Parameter Type: Drinking Water Testing for Volatiles
What it is and Where it Comes From:
p-Xylene (para-xylene) is an aromatic hydrocarbon. It is one of the three isomers of dimethylbenzene known collectively as xylenes. The p- stands for para-, indicating that the two methyl groups in p-xylene occupy the diametrically opposite substituent positions 1 and 4. It is in the positions of the two methyl groups, their arene substitution pattern, that it differs from the other isomers, o-xylene and m-xylene. All have the same chemical formula C6H4(CH3)2. All xylene isomers are colorless and highly flammable. p-Xylene is produced by catalytic reforming of petroleum naphtha as part of the BTX aromatics (benzene, toluene and the xylene isomers) extracted from the catalytic reformate. Drinking water testing gives you several benefits like peace of mind, identifying contaminants in your water, and insight into health concerns. Safe Home offers Laboratory drinking water testing kits for p-Xylene, allowing you to collect your water sample and ship it directly to our EPA-Certified Laboratory. This platform of drinking water testing for p-Xylene will give you an accurate level based on the lowest level of a parameter our instruments can detect (Method Detection Level). Safe Home drinking water testing for volatiles can be used for city and well water supplies. Drinking water testing should be done any time you notice a significant change in your water quality.
Exposure to xylene can irritate the eyes, nose, skin, and throat. Xylene can also cause headaches, dizziness, confusion, loss of muscle coordination, and in high doses, death. Workers may be harmed from exposure to xylene. The level of exposure depends upon the dose, duration, and work being done.
Solutions to Contaminant Levels:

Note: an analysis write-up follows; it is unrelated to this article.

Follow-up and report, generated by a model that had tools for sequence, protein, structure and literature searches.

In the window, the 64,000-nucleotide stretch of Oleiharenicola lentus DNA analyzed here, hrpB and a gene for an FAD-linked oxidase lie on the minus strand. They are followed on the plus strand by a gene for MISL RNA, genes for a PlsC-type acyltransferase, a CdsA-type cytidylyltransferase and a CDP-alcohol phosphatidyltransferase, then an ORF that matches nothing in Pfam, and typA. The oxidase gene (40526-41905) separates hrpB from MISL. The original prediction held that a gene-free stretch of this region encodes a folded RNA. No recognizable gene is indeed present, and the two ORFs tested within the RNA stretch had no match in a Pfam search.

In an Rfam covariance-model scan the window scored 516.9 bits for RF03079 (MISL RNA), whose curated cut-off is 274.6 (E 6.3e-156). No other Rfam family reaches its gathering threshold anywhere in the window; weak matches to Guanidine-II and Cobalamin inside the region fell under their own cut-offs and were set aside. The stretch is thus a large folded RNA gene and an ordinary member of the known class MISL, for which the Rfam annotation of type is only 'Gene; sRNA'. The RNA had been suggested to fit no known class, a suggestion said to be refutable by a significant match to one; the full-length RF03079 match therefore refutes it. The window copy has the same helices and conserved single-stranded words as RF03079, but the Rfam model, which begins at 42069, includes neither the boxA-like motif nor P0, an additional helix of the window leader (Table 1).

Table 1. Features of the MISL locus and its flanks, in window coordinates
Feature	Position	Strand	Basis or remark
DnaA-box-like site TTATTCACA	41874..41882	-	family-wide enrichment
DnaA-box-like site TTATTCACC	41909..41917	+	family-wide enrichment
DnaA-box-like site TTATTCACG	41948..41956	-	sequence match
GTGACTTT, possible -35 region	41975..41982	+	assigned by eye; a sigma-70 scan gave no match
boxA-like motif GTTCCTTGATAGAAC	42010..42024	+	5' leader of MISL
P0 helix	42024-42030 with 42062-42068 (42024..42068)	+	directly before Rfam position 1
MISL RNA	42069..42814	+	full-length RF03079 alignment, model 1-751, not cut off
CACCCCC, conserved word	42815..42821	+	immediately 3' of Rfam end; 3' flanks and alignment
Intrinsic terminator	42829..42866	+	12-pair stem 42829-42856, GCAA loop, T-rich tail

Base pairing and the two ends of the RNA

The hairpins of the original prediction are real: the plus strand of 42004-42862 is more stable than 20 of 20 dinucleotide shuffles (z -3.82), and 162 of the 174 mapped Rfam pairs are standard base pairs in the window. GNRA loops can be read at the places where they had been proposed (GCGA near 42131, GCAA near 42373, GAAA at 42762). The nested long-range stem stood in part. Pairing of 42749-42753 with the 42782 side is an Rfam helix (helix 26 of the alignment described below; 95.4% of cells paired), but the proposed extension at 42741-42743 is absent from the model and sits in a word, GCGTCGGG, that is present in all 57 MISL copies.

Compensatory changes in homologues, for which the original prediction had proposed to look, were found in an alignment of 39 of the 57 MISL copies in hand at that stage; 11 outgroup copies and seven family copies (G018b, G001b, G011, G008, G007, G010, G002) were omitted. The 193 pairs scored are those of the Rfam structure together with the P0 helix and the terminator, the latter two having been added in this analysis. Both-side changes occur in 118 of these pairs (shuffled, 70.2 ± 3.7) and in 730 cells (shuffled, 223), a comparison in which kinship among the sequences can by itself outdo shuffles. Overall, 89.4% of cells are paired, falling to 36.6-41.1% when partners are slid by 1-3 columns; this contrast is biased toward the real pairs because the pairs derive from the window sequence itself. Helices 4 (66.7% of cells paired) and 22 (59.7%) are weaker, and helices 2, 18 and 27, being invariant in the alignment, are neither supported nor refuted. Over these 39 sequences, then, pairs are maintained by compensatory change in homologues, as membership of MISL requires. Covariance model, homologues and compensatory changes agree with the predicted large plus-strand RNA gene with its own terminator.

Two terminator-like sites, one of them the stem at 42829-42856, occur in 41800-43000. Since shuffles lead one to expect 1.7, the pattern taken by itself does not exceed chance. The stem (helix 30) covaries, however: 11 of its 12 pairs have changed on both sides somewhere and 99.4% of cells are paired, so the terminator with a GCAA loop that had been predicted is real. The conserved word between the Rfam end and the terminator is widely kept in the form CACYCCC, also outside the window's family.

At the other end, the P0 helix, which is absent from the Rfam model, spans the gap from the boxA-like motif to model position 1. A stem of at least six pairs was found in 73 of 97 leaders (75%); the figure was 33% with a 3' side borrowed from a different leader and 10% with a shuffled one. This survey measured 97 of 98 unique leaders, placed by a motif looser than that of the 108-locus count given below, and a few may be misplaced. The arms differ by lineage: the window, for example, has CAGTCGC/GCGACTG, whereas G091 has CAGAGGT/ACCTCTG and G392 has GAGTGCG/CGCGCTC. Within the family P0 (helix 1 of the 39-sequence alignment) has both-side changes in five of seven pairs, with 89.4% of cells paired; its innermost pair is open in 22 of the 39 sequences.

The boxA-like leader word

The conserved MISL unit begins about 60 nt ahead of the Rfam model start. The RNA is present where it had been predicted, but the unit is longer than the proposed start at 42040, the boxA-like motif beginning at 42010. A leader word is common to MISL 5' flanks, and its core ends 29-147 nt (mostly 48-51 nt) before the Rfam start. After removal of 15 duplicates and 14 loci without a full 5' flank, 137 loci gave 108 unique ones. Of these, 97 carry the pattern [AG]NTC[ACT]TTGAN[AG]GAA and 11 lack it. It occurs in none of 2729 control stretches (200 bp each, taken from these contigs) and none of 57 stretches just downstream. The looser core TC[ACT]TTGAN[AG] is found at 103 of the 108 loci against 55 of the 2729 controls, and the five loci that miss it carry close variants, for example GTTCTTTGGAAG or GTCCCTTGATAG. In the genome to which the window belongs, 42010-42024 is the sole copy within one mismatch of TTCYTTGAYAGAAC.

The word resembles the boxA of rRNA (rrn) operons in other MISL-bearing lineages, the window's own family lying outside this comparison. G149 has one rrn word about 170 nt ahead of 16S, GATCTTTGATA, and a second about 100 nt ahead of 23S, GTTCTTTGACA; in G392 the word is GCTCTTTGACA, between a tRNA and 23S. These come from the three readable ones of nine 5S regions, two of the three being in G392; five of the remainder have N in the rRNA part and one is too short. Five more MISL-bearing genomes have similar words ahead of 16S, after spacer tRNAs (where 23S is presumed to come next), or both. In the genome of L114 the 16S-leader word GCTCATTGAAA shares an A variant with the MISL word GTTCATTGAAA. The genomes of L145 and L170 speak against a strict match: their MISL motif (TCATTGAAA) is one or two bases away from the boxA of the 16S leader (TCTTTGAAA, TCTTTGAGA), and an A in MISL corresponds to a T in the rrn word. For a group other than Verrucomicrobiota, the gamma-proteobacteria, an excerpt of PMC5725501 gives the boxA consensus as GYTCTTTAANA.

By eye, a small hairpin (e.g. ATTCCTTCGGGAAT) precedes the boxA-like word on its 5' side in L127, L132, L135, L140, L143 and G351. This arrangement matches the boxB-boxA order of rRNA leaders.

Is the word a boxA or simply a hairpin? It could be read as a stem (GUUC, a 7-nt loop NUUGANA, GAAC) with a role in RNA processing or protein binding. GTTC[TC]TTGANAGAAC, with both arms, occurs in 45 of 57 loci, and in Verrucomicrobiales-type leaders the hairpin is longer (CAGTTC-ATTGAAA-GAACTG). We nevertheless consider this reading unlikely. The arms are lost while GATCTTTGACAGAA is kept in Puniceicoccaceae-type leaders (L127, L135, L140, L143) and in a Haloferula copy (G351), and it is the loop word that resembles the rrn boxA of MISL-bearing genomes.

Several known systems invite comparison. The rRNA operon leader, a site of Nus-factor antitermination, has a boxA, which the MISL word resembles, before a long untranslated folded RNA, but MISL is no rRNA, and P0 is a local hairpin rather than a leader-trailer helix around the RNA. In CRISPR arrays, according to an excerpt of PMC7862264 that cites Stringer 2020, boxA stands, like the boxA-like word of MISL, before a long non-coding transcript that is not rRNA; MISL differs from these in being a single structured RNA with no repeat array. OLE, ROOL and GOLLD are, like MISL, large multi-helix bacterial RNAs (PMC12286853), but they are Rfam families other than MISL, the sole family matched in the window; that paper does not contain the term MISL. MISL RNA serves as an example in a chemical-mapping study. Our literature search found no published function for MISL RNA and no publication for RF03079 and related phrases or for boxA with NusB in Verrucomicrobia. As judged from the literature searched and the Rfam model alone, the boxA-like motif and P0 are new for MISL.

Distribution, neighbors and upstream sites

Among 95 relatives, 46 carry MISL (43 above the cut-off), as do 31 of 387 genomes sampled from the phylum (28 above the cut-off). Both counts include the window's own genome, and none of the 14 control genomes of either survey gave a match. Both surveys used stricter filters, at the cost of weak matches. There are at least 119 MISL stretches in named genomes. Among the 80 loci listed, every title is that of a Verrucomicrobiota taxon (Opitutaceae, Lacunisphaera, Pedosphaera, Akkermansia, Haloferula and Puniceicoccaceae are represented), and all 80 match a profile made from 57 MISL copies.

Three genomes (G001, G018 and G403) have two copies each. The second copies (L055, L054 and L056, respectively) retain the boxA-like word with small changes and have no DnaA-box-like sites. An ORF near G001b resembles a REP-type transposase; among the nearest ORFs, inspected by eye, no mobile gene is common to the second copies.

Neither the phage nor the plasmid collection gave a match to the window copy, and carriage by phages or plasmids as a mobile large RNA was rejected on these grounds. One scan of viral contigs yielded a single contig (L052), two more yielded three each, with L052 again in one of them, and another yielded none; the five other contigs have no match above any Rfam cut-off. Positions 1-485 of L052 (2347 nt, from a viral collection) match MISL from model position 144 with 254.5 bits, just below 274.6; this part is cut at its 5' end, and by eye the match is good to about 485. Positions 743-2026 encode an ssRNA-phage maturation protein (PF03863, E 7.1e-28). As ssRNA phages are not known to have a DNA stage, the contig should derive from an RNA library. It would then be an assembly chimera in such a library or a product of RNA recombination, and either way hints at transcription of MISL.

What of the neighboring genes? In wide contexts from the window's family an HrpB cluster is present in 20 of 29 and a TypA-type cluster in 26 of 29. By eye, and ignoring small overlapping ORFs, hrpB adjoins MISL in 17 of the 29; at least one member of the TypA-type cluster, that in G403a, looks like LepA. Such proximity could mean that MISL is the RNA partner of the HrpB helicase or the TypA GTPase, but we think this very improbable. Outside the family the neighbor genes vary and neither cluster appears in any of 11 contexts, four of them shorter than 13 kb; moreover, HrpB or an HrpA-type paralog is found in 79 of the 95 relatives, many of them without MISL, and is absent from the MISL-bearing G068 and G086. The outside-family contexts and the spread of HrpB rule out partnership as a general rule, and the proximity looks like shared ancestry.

You have completed the drinking water testing process, what are the next steps? A filter with granular activated carbon (GAC) is a proven option to remove certain chemicals, particularly organic chemicals, from water. GAC filters also can be used to remove chemicals that give objectionable odors or tastes to water such as hydrogen sulfide (rotten eggs odor) or chlorine. Reverse osmosis is a process that removes foreign contaminants, solid substances, large molecules, and minerals from water by using pressure to push it through specialized membranes. Here’s how reverse osmosis works. Unlike osmosis, which is a passive process, reverse osmosis requires external force (pressure) to work. Pressure is applied to a highly concentrated solute solution, such as salt water, to pass through a membrane to a lower concentrate solution. The membrane allows water to flow through but blocks out larger molecules, like contaminants. The reverse osmosis process leaves higher concentrations of solute on one side and only the solvent, or freshwater, on the other. Who do I need to contact to find out more information about water quality in my area? Every community water supplier must provide an annual report to its customers, known as a Consumer Confidence Report (CCR). The report provides information on your local drinking water quality, including the water’s source, contaminants found in the water, and how consumers can get involved in protecting drinking water. How often does the local public water system preform drinking water testing? Frequency of drinking water testing depends on the number of people served, the type of water source, and types of contaminants. Certain contaminants are tested more frequently than others, as established by the Safe Drinking Water Act. You can find out about levels of regulated contaminants in your treated water for the previous calendar year in your annual Consumer Confidence Report (CCR).